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Apple Shares Updated iOS Security Guide With Info on Face ID, Apple Pay Cash and More

Apple this afternoon published an updated version of its iOS Security white paper for iOS 11 [PDF], with information that covers features introduced in iOS 11.1 and iOS 11.2, like Face ID and Apple Pay Cash.

Much of the information in the document on Face ID has been previously shared by Apple in a dedicated Face ID white paper and accompanying support document that was released in September following the iPhone X's announcement, but the Face ID section is worth a re-read for those who are interested in Face ID security.


The document also covers several other topics, such as Shared Notes, CloudKit, Siri Suggestions, and more, with a full list of updates below:

Updated for iOS 11.2
- Apple Pay Cash

Updated for iOS 11.1
- Security Certifications and Programs
- Touch ID/Face ID
- Shared Notes
- CloudKit end-to-end encryption
- TLS
- Apple Pay, Paying with Apple Pay on the web
- Siri Suggestions
- Shared iPad

The document explains in detail how Apple features work and how they're protected. With Apple Pay Cash, for example, Apple says transaction data is stored for troubleshooting and fraud protection, while all money transfers are done securely using the Secure Element as with other Apple Pay transactions.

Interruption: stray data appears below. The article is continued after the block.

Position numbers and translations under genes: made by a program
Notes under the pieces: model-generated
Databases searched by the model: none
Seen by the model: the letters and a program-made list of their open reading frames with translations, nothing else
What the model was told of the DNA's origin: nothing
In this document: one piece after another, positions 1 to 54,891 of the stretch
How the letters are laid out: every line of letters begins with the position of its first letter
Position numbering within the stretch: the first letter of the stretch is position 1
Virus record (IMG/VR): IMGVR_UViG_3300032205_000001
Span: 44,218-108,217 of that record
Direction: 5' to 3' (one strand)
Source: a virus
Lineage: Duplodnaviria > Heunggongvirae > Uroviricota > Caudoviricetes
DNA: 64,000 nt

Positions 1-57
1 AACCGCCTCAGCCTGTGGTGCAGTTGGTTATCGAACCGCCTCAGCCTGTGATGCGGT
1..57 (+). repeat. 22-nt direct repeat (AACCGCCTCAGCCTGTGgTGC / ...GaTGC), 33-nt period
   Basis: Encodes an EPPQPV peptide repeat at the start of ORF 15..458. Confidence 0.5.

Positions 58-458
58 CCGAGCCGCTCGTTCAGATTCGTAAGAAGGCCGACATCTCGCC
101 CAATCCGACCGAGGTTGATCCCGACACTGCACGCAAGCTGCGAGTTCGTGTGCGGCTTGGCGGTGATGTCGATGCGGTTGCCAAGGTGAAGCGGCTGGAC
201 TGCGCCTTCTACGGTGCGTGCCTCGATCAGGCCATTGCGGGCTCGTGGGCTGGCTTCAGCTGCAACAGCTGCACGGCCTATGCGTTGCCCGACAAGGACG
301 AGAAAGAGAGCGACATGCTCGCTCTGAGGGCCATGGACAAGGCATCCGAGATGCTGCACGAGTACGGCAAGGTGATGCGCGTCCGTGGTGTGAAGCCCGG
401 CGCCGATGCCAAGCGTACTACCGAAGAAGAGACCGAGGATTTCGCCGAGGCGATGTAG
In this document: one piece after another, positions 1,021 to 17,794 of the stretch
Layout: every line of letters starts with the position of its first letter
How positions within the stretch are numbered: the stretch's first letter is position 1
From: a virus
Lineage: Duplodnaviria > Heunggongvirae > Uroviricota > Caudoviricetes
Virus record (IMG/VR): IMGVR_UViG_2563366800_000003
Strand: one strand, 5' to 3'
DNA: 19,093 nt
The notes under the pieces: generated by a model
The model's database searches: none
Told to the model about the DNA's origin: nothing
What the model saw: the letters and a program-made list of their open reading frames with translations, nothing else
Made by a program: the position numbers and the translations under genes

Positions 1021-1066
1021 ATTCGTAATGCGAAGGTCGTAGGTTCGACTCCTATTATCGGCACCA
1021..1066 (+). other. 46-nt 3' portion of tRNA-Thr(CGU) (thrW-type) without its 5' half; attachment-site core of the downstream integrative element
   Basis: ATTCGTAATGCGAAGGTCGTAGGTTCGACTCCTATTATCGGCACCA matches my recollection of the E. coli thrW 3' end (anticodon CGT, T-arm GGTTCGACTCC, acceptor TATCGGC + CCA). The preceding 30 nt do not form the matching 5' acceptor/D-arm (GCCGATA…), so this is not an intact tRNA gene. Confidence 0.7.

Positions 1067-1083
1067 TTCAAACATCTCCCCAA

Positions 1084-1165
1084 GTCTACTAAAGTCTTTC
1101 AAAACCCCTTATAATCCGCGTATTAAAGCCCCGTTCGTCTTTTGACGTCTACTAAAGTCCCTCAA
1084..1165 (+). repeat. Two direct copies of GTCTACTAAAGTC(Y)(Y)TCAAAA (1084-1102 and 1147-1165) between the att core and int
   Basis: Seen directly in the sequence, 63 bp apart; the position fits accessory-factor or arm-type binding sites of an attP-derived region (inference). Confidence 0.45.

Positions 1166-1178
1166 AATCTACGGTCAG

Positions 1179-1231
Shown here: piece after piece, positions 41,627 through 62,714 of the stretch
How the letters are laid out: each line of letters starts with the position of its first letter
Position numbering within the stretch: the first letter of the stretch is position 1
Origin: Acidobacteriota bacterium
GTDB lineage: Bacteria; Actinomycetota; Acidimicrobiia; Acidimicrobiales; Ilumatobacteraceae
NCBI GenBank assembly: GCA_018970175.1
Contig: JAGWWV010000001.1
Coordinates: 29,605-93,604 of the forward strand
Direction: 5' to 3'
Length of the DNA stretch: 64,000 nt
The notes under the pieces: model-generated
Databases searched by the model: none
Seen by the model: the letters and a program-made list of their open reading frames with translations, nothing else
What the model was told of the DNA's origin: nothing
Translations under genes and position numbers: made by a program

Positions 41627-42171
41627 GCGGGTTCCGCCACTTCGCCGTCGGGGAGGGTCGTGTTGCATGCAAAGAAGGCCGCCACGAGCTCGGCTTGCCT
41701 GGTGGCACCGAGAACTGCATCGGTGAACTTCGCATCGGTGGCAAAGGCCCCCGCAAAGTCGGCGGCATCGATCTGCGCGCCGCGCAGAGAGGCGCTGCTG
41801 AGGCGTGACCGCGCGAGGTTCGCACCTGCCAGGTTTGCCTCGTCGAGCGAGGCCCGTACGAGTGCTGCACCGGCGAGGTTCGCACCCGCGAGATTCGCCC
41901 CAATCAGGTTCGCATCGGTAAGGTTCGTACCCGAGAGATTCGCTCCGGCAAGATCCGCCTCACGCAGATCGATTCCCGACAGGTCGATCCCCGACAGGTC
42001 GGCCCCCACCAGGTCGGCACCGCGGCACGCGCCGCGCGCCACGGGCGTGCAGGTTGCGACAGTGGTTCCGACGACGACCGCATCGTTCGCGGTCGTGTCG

There are many small but significant details in the paper about all of the topics listed above, and for anyone who is interested in the security of their iPhones and iPads, it's worth checking out in detail.

Prior to today's update, the last update to the iOS security document was in July of 2017 following the release of iOS 10.3.

Related Roundup: iOS 11


Top Rated Comments

(View all)

27 weeks ago

Thread will be filled with unrelated complaints about macOS security.


And it was the next post after yours.
Rating: 10 Votes
27 weeks ago

The dumb buyers will trust anyone with their face data.... some random chinese company where your face data will be shared around online.

Huh, didn’t realize Apple was some random Chinese company that shares your data online.
Rating: 9 Votes
27 weeks ago
Thread will be filled with unrelated complaints about macOS security.
Rating: 8 Votes
27 weeks ago
WHOA. Huge deal here that everyone seems to be overlooking. Page 73 in regards to the Apple Bounty for vulnerability researchers (like me) now no longer only applies to Apple partners. This opening up of the system is a big change from when Apple first announced this at DEFCON.
Rating: 5 Votes
27 weeks ago
Hardly anyone will read the entire pdf but almost everyone will have strong opinions on Apples ability to innovate, secure, and write software.
Rating: 2 Votes
27 weeks ago
The dumb buyers will trust anyone with their face data.... some random chinese company where your face data will be shared around online.
Rating: 2 Votes
27 weeks ago

Let me guess, your phone is a Huawei ('https://intelligence.house.gov/sites/intelligence.house.gov/files/documents/huawei-zte%20investigative%20report%20(final).pdf'), right? :rolleyes:
[doublepost=1515761243][/doublepost]
It's a good thing, right?

Yes, very good thing.
Rating: 1 Votes
27 weeks ago
It must be true! No need to open source it, have it audited, or PROVE anything! They published a PDF, so it must be true!
Rating: 1 Votes
27 weeks ago

It’s not. I didn’t say that. Geez.
[doublepost=1515820143][/doublepost]
I was saying Apple is the only one I’d trust with Secure Enclave and not cloud storage.

Okay, that wasn’t clear at all.
Rating: 1 Votes

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